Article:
Adding a Youth 360 Lens to Our Work
By Becca Bolden, Research and Evaluation Manager
November 11, 2015
I had the great opportunity to attend the 2015 Healthy Teen Network Conference last month, called Youth 360: Where Youth Live, Work and Play Matters. Conferences like this one allow our staff to network with and learn from other organizations and agencies across the country committed not only to teen pregnancy prevention but to promoting youth health and well-being in a holistic way, a framework that can be easy to lose sight of in the day-to-day work of grant deliverables and email requests. It’s so important to remember the big picture of why we do what we do, and how to make sure that big picture gets integrated into our daily tasks and projects.
The conference kicked off with Dr. Steve Perry, an innovative educator who is the founder and principal of Capital Preparatory Magnet School in Connecticut, as well as an Education Contributor for CNN and MSNBC. He spoke about the impact of growing up with a teen mom, and despite his career success, the immense amount of luck he had avoiding young parenthood himself. He urged the audience to consider the fact that we also may have been lucky to have avoided teen parenthood, which I think came as a bit of a surprise to attendees at first. It makes sense that we tend to get caught up in our world of prevention that using a condom every time or getting an IUD or implant may seem like an obvious and beyond-easy choice for every single young person, regardless of their circumstances. Beyond simple – especially when you have fantastic and effective programs like the Colorado Family Planning Initiative in our home state.
But maybe that’s not the case.
Maybe there are much bigger priorities in young people’s lives that we forget to consider, such as family responsibilities, school and neighborhood safety, access to efficient transportation, mental health, jobs and financial commitments, and peer acceptance and validation, just to name a few. All of which can be huge and seemingly insurmountable obstacles when there are systemic barriers in place keeping young people from achieving their full potential. Steve Perry urged our group to consider that, “We are not better than any person who walks through our doors….and you will never empower young people to be something more when you only label them as clients.”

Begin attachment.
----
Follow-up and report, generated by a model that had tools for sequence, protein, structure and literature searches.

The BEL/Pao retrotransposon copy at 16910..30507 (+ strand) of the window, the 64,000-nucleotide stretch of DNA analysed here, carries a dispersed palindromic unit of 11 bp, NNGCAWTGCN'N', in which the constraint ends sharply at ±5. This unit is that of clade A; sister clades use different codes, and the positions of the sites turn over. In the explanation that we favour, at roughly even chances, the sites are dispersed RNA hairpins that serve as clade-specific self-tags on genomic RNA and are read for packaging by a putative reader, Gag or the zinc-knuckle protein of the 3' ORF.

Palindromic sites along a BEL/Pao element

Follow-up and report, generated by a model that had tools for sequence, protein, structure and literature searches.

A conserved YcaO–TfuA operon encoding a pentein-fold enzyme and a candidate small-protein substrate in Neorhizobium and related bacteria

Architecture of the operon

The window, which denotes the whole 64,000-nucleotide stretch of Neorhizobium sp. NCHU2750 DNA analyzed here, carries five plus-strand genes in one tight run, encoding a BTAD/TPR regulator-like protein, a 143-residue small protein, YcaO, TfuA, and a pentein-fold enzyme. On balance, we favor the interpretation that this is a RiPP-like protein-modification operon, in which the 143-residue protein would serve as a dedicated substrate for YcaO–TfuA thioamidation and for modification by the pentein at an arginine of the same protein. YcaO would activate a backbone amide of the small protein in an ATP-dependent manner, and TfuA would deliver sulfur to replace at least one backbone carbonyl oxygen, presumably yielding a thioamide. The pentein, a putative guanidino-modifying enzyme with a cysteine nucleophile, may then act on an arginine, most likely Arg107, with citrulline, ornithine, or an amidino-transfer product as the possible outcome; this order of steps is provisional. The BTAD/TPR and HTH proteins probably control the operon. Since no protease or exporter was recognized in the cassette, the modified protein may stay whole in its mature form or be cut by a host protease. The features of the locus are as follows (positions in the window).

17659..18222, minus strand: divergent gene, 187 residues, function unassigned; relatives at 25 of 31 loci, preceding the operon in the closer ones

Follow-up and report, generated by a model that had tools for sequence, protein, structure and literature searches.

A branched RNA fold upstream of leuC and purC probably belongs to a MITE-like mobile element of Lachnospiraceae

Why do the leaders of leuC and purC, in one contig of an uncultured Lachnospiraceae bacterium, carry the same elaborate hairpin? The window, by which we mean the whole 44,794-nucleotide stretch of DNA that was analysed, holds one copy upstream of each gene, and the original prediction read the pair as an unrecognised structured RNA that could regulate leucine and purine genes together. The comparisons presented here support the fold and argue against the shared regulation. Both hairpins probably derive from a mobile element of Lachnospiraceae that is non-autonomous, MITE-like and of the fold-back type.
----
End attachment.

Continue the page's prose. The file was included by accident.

This is what the Youth 360 approach is all about, considering all of the factors that influence a young person’s life and making sure that we are molding our programs and policies to fit their experiences, not the other way around. This is best explained by the social-ecological health promotion model, or the “Spheres of Influence” named in the Youth Sexual Health in Colorado: A Call to Action. Young people are impacted from a variety of levels of influence – their individual behaviors, families and relationships, communities and policies and systems, as shown in the graphic below. If we want to have a holistic and complete impact in a young person’s life, then we need to do intentional and strategic work in each level.
Later on in the conference, we revisited this theme as we played the Youth 360 game, traveling around the board to maneuver and tackle systemic challenges and barriers that young people face in each of these spheres. We came up with some great and innovative ideas such as engaging rec centers as partners to reach youth in places they are compelled to spend their free time, including mental health counseling in any new programming ideas, and incorporating a youth advisory board into all organizational decision-making. Other ideas were shared by conference attendees on the Youth 360 idea wall.
I think it can be easy to talk about holistic approaches in theory – of course we care about everything that impacts the lives of young people. Of course we want to support them and meet ALL of their needs (not just the needs that funders prioritize). Of course we know that it’s about more than condom use. But what do we actually DO?
The Youth 360 Conference gave me some great ideas that I have shared with the Colorado Youth Matter staff, and we are intentionally working and moving in this direction. We want to challenge the idea that youth sexual health and teen pregnancy prevention is all about public health; we believe that youth sexual health is a social justice issue, that just happens to have public health outcomes. Stay tuned and join us in our work to change the landscape and support youth and families in a comprehensive and holistic way.